The Green Lakes were so picturesque.  We picnicked on the bank of the lake with South Sister looming over us to one side and Broken Top presiding on the other bank.  Middle Sister peeked out from behind South.

Broken Top in the back
Selfie with South Sister 
Selfie with Broken Top
The lake water was (wait for it...) really green.  Imagine that.  We enjoyed watching a family of ducks play just off the shore.  I couldn't help but think they had the sweetest spot ever to live.
Both sides of our picnic spot  

After lunch we headed back to our car via the Broken Top Trail instead of going back the way we came.  It added four miles to our hike, but was well worth it.  We got to see the other side of Green Lake and get up close and personal with Broken Top mountain.  This trail was part of the 23 mile backpack loop we had originally planned to do.  It whet our appetite to do the whole loop next summer.

views as we set out on the Broken Top Trail portion of our hike
We hiked back into the woods and started climbing up, skirting the perimeter of a big black mound.  It would have been a mountain anywhere else, but in the heart of the Cascade Range, it looked like a little toddler.  The trail dipped back down into a vast, desolate prairie and we were treated to views of Mt. Bachelor, more layers of mountains in the horizons, and a great view of Sparks Lake.
Mt. Bachelor and Sparks Lakes in the backdrop
After 3.1 miles on Broken Top Trail, we took the junction for the Soda Creek Trail.  It looped us back to our car through more pretty views of Bachelor, open prairies with wildflowers, and dense woods.
sparse meadow on Soda Creek Trail with South Sister
Mt. Bachelor, Sparks Lakes, and layers of mountains.
The Soda Creek trail was pretty interesting for the first three miles (of the 5.2 miles we were on it), but then it got kind of boring and desolate.  The terrain totally changed and it was dry, colorless, and the trail was lava-sand.  The creek bed was low or dried up and our legs were starting to get a little tired.  (I don't have a picture of this because it was not pretty.)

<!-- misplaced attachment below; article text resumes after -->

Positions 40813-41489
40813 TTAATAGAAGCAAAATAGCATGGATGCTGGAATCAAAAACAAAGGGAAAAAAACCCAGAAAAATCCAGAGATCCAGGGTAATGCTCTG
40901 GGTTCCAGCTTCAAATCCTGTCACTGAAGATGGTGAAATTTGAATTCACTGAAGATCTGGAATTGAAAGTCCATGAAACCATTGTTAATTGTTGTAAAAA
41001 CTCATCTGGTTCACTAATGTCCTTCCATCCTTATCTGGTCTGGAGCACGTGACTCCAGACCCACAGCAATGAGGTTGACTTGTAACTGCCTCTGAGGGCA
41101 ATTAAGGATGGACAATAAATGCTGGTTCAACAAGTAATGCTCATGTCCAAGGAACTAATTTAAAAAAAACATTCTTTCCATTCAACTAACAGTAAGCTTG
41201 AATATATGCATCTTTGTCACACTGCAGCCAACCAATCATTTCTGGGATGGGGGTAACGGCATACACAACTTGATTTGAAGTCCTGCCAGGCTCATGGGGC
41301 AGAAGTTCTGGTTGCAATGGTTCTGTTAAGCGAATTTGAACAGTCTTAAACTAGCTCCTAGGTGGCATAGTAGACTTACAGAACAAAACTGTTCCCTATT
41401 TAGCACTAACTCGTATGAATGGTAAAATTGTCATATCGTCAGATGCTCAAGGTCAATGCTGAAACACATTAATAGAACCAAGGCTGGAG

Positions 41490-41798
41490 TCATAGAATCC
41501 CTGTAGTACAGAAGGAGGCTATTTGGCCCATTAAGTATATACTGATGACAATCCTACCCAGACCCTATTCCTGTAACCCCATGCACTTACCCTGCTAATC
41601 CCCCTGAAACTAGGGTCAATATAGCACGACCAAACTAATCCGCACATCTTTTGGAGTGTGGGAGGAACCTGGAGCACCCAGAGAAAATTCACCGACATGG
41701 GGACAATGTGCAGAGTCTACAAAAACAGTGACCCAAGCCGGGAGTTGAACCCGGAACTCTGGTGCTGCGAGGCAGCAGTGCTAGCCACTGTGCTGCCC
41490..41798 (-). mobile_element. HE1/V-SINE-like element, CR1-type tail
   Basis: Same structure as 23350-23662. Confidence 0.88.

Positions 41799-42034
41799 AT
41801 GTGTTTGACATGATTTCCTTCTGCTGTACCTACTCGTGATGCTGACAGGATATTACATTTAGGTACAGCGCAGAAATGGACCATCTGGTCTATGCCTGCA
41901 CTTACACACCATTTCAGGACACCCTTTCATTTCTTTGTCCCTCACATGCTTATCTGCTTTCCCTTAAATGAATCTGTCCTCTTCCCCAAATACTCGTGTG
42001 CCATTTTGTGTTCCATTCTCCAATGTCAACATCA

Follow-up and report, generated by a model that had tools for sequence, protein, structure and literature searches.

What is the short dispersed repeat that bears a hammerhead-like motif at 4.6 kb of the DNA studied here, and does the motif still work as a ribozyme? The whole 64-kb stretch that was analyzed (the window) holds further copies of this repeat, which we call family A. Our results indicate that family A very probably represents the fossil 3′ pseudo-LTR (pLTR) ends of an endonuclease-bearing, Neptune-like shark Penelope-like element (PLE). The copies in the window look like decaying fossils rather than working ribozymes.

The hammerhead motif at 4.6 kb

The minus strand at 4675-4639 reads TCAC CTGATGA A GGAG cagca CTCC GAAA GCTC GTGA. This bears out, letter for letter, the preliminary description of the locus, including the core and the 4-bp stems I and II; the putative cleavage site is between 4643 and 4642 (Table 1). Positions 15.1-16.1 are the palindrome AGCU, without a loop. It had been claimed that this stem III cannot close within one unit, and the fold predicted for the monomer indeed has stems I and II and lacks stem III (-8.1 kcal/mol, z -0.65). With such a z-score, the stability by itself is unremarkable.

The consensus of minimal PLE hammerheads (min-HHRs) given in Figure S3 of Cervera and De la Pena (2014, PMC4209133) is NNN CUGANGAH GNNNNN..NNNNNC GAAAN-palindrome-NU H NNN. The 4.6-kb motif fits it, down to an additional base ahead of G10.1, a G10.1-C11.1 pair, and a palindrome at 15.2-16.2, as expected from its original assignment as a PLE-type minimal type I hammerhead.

This was the last good view on the Soda Creek trail before we descended into thick forest.
We made this part of the hike interesting by seeing how fast we could hike without running.   I let the Garmin run non-stop when we are hiking (with the exception of our lunch break) so we can get an accurate gauge of how long it actually takes us to hike with stop for pictures and water breaks.  Our goal was to get our average pace down to 20 minute miles.  We booked it the last few miles of this hike since the mountain views and jaw-dropping scenery had already passed.  Plus we were trying to make it back in time for the Ducks game.  We were motivated.  We got our average down to 20 minute miles and made it back in time for the game.  Win-Win!
Only a few miles left.
We packed in over 100 ounces of water and still ran out a half mile before we finished the hike.  I recommend bringing a water filtration system with you so you can refill your water bottles along the trail.  This hike was totally kid friendly - nothing dangerous about it - and it had lots of fun things to see and do along the trail.

Overall we clocked just under 13 miles of really fun, moderately easy, super scenic hiking.  We will definitely be taking our kids back to do the Green Lakes portion of this hike.

Happy hiking!

No comments:

Post a Comment